Grains belong to the cereal group and form the staple part of our every day diet. Examples of grains include barley, millet, oats, rice, wheat etc. Grains are modern man’s staple food and is consumed widely across the globe.
Grains are a popular food because of ease of storage, convenience of cultivation, and also yield a variety of by-products.
Examples of grain based food products include pasta, pizza, wheat flour, all baking goods, all-purpose flour, refined flour, dough nuts etc. Although grain plays a predominant role in the present era, it was never consumed by our stone-age ancestors and hence is not considered as part of Paleolithic diet.
Fossil remains and archeological findings provide strong evidence on the food habits of Paleolithic ancestors. The findings clearly indicate grains never featured as part of their pre-agricultural food habits. Intrigued by their findings, health researchers probed further and identified the reasons behind the exclusion of grains in the stone-age diet. The two basic reasons why grains did not feature as part of the Paleolithic diet are :
- They were not edible as a raw food and could not be easily / readily consumed.
- Stone-age ancestors did not know agricultural techniques and hence grains were not cultivated nor consumed.
In addition to this the food time line reveals that grains became part of the diet in the neolithic era when the practice of farming and agriculture began about ten thousand years ago. During the neolithic era grains formed the predominant role in the diet. The fossil remains of early humans that dated back to the neolithic period showed signs of osteoporosis, arthritis, dental caries etc. This was a clear indication for the strong association between grain consumption and emergence of diseases.
Researchers also identified the following biological reasons for absence of grains in the dietary regimen of cave-men. They are listed below:
Interferes with nutrient absorption: Grains such as rice, wheat, millet contain phytates that bind with nutrients in food and form chelates. These chelates are insoluble by the digestive enzymes in the body and are capable of damaging the digestive enzymes resulting in indigestion and other gastro-intestinal disorders.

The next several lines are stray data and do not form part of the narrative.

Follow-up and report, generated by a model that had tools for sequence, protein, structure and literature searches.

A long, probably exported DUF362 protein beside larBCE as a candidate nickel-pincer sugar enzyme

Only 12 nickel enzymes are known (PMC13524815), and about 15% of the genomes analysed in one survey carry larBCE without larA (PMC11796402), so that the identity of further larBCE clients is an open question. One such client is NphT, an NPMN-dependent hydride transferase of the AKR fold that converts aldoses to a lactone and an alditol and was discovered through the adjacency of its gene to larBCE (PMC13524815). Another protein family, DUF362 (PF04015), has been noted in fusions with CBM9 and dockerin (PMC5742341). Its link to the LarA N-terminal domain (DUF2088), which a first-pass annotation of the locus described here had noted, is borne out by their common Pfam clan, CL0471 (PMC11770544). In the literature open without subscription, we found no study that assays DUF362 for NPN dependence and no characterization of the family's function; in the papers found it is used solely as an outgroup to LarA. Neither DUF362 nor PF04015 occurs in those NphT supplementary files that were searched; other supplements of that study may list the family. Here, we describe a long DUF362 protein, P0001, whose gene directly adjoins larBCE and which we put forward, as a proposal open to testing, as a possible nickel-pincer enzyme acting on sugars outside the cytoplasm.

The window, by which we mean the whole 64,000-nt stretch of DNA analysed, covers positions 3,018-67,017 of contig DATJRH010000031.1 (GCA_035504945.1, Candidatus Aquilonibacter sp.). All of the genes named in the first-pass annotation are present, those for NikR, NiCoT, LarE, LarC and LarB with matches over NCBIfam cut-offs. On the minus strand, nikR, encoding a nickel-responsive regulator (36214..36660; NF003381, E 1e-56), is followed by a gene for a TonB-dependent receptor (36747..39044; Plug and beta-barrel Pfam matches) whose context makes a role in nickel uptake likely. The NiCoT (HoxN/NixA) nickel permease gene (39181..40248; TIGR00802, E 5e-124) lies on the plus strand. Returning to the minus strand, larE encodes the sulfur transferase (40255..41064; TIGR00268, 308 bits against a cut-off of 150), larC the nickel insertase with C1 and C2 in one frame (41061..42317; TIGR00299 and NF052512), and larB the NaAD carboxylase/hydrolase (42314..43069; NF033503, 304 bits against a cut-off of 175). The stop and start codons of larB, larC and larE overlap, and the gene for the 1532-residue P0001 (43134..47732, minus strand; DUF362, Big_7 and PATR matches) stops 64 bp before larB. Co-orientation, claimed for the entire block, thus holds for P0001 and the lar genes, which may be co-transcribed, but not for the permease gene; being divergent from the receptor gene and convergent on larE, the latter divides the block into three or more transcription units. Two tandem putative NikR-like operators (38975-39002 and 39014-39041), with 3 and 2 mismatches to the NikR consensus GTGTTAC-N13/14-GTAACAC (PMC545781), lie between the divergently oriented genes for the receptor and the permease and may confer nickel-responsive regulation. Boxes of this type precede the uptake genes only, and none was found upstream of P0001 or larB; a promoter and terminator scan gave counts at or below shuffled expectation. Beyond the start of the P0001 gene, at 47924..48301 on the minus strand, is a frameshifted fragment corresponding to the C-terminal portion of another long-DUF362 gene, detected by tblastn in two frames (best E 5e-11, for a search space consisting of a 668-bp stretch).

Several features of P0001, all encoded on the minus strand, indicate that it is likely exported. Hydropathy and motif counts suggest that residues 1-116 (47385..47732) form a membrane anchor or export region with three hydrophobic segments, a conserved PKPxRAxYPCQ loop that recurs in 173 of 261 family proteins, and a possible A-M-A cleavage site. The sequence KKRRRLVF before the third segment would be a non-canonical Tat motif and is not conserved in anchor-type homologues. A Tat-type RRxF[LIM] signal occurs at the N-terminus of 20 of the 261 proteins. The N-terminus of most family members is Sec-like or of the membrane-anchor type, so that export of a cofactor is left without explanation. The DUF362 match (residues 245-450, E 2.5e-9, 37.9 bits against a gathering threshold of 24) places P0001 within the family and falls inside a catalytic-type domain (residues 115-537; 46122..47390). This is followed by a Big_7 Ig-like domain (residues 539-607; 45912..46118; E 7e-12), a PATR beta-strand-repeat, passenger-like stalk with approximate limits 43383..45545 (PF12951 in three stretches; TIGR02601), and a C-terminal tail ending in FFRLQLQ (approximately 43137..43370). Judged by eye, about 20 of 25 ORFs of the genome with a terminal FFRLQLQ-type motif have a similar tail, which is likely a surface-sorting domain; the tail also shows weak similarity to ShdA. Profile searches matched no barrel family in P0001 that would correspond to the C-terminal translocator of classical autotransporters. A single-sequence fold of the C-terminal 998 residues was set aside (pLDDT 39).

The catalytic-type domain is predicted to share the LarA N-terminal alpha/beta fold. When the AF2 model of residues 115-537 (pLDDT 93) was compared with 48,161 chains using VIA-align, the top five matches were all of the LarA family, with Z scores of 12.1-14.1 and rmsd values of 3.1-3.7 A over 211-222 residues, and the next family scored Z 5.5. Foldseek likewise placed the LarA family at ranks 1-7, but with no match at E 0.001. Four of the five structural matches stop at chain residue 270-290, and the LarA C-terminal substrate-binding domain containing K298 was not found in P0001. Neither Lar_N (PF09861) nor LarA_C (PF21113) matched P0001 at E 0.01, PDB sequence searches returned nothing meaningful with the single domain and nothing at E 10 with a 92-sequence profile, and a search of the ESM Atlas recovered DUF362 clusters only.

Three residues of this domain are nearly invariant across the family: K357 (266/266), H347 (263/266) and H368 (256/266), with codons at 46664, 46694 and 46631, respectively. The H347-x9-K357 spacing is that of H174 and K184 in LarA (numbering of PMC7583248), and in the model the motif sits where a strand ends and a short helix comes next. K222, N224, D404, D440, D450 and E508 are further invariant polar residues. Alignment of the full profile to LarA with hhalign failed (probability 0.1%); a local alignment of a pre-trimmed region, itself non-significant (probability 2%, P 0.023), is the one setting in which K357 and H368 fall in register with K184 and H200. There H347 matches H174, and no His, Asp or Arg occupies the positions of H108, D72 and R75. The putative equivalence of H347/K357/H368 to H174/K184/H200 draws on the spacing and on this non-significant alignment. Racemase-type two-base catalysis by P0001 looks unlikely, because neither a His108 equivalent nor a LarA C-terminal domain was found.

Rich in anti-nutrients: Grains are naturally abundant in anti-nutrients such as phytates, lectins and glutens. These anti-nutrients produce toxins which severely damage the intestinal lining, result in inflammatory conditions in the body. The anti-nutrients also prevent absorption and digestion of other nutrients and increases the risk of nutritional deficiencies.
Unfriendly to G.I tract: The toxins present in grains trigger inflammatory reactions in the gut. Such damages may lead to change in the permeability of the intestinal wall and result in toxins and other harmful bacteria reach the blood stream. In some cases they lead to serious implications by affecting important organs such as brain, heart etc.
Risk of disorders/diseases: Consumption of grains have been lined to auto-immune diseases and disorders such as leaky gut syndrome, gluten-intolerance, celiac disease etc. which leads to discomfort and poor quality of life.
Low in nutrients: Grains are not the richest source of fiber, vitamins or minerals as it has been promoted. They contain less fiber, antioxidants, vitamins and minerals when compared to vegetables, fruits and other greens.
Evolutionary angle: An evolutionary insight on grains give an interesting angle for the presence of toxins in grains. The grain crops similar to all other living things produce toxins naturally in order to protect themselves from being eaten away by predators. Grains contain toxins and they are inedible in raw form, these are the two natural characteristic of grains which makes it unfit for consumption by predators such as humans and animals. This saves the grain (the seed) from being digested and ensures survival of the crop, which is the simple basis of evolution.
The toxins have been proven to cause abdominal distress in the intestines that range from mild discomfort, bloating to serious illnesses such as celiac disease, auto-immune conditions and severe brain damage.
An ancient wisdom
These pointers clearly indicate that grains were not intended as food for consumption by nature, which is evident from the toxins identified in them.
With increasing number of food allergies and intolerance based on grain and grain products, it becomes crucial for us to reconsider the way grains are looked upon as staple part of diet.
The absence of grains in Paleolithic diet should be looked upon as an ancient wisdom for great health and not just a dietary habit.